This story goes back a few nights. It begins one night when I came home, kinda late, and found Phil and a friend of his watching "Consternate". I, of course, had to kick back and watch some of it with them. Like always, it got me thinking about how much fun that time of my life was.
The past two nights, I've had the pleasure of spending my evenings with Zach and Jenny Proctor. And last night, I asked Zach if he missed the times when we used to make films. And he claimed that he did. I told him I had been thinking about it a lot recently.
That brings us to tonight. Around 11pm, I was trying to watch the end of the Celtics game and I ended up falling asleep. When I woke up to the news, I decided it was time to call it a night. Obviously, I worked a little too hard today, and all those hours of playing Wii must have worn me out. I came upstairs, I turned on the DVD player - hit Play on "Cheers" and laid down for the night.
About 20 minutes later the phone rang. A Mister Jason L. Maier was calling to talk while he was driving home. We talked for a good 30 minutes or so, and I found myself wide awake. So, I decided to go downstairs and pop in one of my Netflix films.
Tonight's flick was "Show Business: The Road to Broadway". It was a Documentary that I read about on another blog, so I added it to my Netflix Queue, and since I've been in a documentary mood recently, I moved it up to the top. Jason and I also talked about the flick, while we were on the phone - which is partially what put the idea to watch it into my head. I asked him if he had seen it, and he told me he does own it, and has attempted to watch it once, but was interrupted and has never finished it.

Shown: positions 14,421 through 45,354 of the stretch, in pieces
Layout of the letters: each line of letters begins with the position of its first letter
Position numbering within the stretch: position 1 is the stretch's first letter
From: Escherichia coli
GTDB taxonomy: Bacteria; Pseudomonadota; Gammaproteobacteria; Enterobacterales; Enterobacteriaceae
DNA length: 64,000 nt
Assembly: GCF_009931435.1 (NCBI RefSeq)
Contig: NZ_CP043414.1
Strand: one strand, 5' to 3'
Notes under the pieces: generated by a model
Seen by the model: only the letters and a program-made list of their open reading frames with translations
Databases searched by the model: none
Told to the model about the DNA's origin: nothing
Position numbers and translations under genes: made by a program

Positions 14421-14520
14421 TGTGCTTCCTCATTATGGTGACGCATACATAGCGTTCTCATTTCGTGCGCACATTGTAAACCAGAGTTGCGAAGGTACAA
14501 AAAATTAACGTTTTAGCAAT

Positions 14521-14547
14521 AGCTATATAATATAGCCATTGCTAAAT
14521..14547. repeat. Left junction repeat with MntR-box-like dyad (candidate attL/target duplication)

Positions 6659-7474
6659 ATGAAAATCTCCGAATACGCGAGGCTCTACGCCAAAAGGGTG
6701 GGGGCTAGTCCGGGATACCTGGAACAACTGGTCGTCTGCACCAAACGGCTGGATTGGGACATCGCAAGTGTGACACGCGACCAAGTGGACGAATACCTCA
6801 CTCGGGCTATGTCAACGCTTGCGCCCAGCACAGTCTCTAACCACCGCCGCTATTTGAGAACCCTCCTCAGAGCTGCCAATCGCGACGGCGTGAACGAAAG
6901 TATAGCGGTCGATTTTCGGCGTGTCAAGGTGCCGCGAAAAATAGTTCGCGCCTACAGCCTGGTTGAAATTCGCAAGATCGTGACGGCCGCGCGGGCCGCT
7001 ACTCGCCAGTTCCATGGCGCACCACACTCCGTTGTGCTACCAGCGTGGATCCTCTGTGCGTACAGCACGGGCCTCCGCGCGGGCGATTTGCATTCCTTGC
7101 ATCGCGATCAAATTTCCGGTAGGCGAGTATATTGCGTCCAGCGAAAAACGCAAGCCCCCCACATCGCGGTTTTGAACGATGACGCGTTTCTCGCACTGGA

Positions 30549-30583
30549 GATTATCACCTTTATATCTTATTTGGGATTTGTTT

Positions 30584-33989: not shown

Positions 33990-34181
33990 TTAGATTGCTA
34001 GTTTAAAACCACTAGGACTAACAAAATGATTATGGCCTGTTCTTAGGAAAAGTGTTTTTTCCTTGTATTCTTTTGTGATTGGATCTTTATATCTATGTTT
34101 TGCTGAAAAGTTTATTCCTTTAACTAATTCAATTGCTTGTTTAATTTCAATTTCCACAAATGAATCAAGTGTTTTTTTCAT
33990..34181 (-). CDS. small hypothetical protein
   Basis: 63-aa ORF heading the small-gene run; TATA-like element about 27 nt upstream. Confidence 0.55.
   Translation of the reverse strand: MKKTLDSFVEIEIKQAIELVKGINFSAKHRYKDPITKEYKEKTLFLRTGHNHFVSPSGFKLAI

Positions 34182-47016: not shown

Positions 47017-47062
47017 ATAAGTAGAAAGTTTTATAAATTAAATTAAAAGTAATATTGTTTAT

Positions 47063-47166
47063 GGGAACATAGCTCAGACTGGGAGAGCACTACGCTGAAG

For the most part, I enjoyed the documentary. It covered two shows that I was aware of - thanks to Jason - and two shows that I knew nothing about. I think I would have rather seen some more of the actual behind-the-scenes production than what was included, but overall it covered the shows and their writers/directors/producers pretty well. Sadly, it was NOT anywhere near as good as "No Day But Today: The Story of Rent", but it did have more material to cover, and attempt to tie together for a cohesive storyline. It did do an amazing job of showing the time, love, and determination that goes into producing Broadway productions.
And it reminded me, once again, how much I miss being a part of a large collective group of people, attempting to create a beautiful piece of art...